The case for regulating social media

2016/11/27 Issue: 83 Page: 20

The Arab Weekly
Gareth Smyth

It seems ages since citizen journalism erupted in Iran’s 2009 post-election unrest and Facebook was hailed as the engine of the 2011 “Arab spring”. Social media once promised to foster democracy and citizens’ rights; it now looks like a tool of corporate business and political demagogues.

In the 1990s, after the Berlin Wall fell, people around the world saw the United States as the future. Liberal capitalism, political tolerance and equal opportunities offered a way of life that everyone should aspire to.

Internet access, we were told, was the means. Dictators would be powerless to block the tide with their control of television, radio and newspapers. Yet the 2016 US presidential election has unleashed post-truth politics, with the internet enabling a populist politician to market slogans at targeted groups, exploiting fears and prejudices, safely away from public debate or scrutiny of factual content.

Wael Ghonim, the Egyptian famous as a blogger in the Arab spring’s birth, is today critical of social media. “The system is designed to reward content that gets the largest number of ‘likes’ and comments”, he has written. “That might work really well when one of us shares a photo… with friends. But when exchang­ing opinions, content that would draw ‘likes’ or comments is content that confirms people’s biases or, the opposite, that elicits highly passionate and emotional comments.”

Social media builds clusters of people who share opinions. Those skilled at tapping into the cluster are free to deliver care­fully targeted emotional mes­sages.

According to the Pew Research Center, 44% of Americans get their news from Facebook, which began in 2004 as a digital meet­ing place but in 2007 allowed businesses, political groups and media outlets to promote themselves or their message. With 1.19 billion users, Facebook is now the biggest source of traffic to news websites, ahead of Google: its profits depend on engaging users, and yet it has no developed editorial standards.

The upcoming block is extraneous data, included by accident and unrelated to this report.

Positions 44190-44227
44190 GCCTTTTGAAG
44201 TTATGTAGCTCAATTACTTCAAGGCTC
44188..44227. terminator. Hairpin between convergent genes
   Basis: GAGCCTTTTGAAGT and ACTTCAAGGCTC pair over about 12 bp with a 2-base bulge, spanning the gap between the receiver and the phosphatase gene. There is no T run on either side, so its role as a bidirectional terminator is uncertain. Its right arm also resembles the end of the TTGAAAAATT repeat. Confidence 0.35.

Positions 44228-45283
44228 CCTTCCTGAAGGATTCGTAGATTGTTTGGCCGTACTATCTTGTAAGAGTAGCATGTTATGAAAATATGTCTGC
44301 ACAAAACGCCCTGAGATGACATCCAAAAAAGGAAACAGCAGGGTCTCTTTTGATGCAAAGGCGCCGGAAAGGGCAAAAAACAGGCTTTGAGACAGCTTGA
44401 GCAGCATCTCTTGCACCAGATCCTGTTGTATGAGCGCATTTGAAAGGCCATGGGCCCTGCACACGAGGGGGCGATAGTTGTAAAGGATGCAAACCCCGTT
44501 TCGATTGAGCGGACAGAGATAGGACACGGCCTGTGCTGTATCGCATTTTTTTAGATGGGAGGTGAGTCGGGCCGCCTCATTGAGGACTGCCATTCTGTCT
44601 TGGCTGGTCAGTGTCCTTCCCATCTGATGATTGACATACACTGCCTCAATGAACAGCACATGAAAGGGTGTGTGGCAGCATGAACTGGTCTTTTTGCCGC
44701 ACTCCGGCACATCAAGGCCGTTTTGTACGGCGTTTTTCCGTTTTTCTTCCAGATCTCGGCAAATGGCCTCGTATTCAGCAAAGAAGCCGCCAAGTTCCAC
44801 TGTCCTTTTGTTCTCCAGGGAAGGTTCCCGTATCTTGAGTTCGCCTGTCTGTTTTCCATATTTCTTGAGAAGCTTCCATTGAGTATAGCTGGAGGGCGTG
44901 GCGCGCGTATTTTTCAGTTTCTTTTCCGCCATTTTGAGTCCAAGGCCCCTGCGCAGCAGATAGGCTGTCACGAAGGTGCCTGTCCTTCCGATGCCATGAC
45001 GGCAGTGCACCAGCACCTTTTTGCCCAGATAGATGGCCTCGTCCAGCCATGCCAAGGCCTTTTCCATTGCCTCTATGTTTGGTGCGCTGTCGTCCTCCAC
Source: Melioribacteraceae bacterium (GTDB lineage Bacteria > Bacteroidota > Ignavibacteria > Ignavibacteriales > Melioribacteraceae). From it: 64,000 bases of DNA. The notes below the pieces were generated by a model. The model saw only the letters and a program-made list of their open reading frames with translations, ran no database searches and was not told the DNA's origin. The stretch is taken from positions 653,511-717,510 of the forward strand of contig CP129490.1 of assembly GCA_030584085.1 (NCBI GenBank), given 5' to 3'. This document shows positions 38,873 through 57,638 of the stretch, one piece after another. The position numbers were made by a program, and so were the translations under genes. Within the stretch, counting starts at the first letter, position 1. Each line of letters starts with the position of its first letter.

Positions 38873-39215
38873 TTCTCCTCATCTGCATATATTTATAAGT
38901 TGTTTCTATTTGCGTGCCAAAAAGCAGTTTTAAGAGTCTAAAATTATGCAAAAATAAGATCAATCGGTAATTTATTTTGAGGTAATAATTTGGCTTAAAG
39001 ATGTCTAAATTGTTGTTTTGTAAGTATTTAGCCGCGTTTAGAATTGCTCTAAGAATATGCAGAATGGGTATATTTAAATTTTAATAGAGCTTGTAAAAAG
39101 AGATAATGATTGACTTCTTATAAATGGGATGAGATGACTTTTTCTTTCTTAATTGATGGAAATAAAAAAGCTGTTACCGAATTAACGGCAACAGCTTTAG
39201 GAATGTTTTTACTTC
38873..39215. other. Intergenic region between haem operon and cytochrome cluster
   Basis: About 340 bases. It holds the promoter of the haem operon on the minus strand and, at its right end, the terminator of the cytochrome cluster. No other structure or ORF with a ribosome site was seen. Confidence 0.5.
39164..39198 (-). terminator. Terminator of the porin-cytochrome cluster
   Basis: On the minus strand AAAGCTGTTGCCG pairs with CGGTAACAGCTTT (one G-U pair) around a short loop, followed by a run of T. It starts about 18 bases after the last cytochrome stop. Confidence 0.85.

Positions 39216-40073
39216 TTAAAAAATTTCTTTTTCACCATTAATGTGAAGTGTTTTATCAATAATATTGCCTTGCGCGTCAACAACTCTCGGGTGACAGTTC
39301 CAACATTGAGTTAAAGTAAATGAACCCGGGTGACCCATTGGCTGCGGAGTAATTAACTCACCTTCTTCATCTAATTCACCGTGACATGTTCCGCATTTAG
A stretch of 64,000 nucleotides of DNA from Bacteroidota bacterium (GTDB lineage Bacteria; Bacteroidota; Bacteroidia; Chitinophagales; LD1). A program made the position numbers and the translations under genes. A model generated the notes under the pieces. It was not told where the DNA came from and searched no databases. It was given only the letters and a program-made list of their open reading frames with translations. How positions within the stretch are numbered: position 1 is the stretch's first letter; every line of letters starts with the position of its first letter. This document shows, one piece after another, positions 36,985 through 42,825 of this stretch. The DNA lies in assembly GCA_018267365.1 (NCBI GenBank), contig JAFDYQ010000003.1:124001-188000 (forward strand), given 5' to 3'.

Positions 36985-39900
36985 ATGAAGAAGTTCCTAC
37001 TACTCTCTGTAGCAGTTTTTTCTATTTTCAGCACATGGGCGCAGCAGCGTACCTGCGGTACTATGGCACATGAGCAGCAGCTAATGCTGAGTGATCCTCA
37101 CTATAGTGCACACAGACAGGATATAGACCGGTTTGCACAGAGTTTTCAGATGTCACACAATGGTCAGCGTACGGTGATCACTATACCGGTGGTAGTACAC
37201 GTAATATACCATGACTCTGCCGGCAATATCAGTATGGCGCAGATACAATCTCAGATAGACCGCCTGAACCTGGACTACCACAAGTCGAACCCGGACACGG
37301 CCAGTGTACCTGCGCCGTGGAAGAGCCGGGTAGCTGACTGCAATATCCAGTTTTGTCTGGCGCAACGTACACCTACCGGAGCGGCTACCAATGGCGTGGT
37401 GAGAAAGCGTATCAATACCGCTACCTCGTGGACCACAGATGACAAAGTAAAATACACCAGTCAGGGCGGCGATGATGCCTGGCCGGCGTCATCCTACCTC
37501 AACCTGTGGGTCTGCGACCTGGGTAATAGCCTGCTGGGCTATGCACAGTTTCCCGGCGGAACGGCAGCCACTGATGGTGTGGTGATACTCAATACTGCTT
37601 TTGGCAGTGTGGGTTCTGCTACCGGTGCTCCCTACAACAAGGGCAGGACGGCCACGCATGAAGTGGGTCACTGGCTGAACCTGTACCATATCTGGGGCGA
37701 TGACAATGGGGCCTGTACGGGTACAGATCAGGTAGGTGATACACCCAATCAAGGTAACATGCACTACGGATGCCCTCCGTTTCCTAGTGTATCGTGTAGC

A Buzznews survey found that six large Facebook “hyper partisan” political pages gener­ated far more “shares” and comments than mainstream ones, but that 38% of posts on the right-wing pages were mostly false or a mixture of true and false (compared to 19% of left-wing pages). Facebook has belatedly acknowledged the problem of fake news but co-founder Mark Zuckerberg has denied the company has respon­sibility to monitor the content it publishes.

By its nature, social media encourages isolation. Young Muslims in Europe lured into jihad in Syria have often been recruited online. Alone in a bedroom with their smartphone, they were insulated from the family discussion that can develop watching television news. Syria is “the first tweeted war”, according to Jonathan Russell of the Quilliam Founda­tion, set up in Britain to combat extremism: “Gone are the days when you had to go to a certain problematic mosque and meet a hate preacher,” he said.

Facebook is not alone. Social media is way ahead of the regulatory authorities. Look around YouTube. In the British referendum on the European Union, social media was rife with messages about “unlimited immigration” and “Muslim rapists” that would never have made newspapers or broadcast media. Trump continually repeated false news and conspir­acy theories — that Obama was born outside the United States, that Hillary Clinton was in ill health, that the reality of climate change might be made up.

Trump and right-wing bloggers in Europe and the United States — Alex Jones, Breitbart, the Daily Mail’s Katie Hopkins — routinely denigrate the mainstream media. Public service broadcasters draw special venom.

There is a reason for this beyond reinforcing populist attacks on an undefined elite. It undermines the very notion of balanced coverage and the statutory requirement on public service broadcasting to check facts.

Attacking the mainstream media is often disguised as rejecting political correctness, but it opens a world where it is acceptable to denigrate people on the basis of race or religion. There are chilling parallels with the 1930s. Less far back, in the 1980s and 1990s, the populist right demanded free-market solutions and opposed the regulation of financial markets that might have prevented or mitigated the 2009 financial crash.

Self-regulation will work no better with social media than it did with banking. The way forward is not to allow the venom of social media into the main­stream. It is to regulate social media.

Gareth Smyth has covered Middle Eastern affairs for 20 years and was chief correspondent for The Financial Times in Iran.

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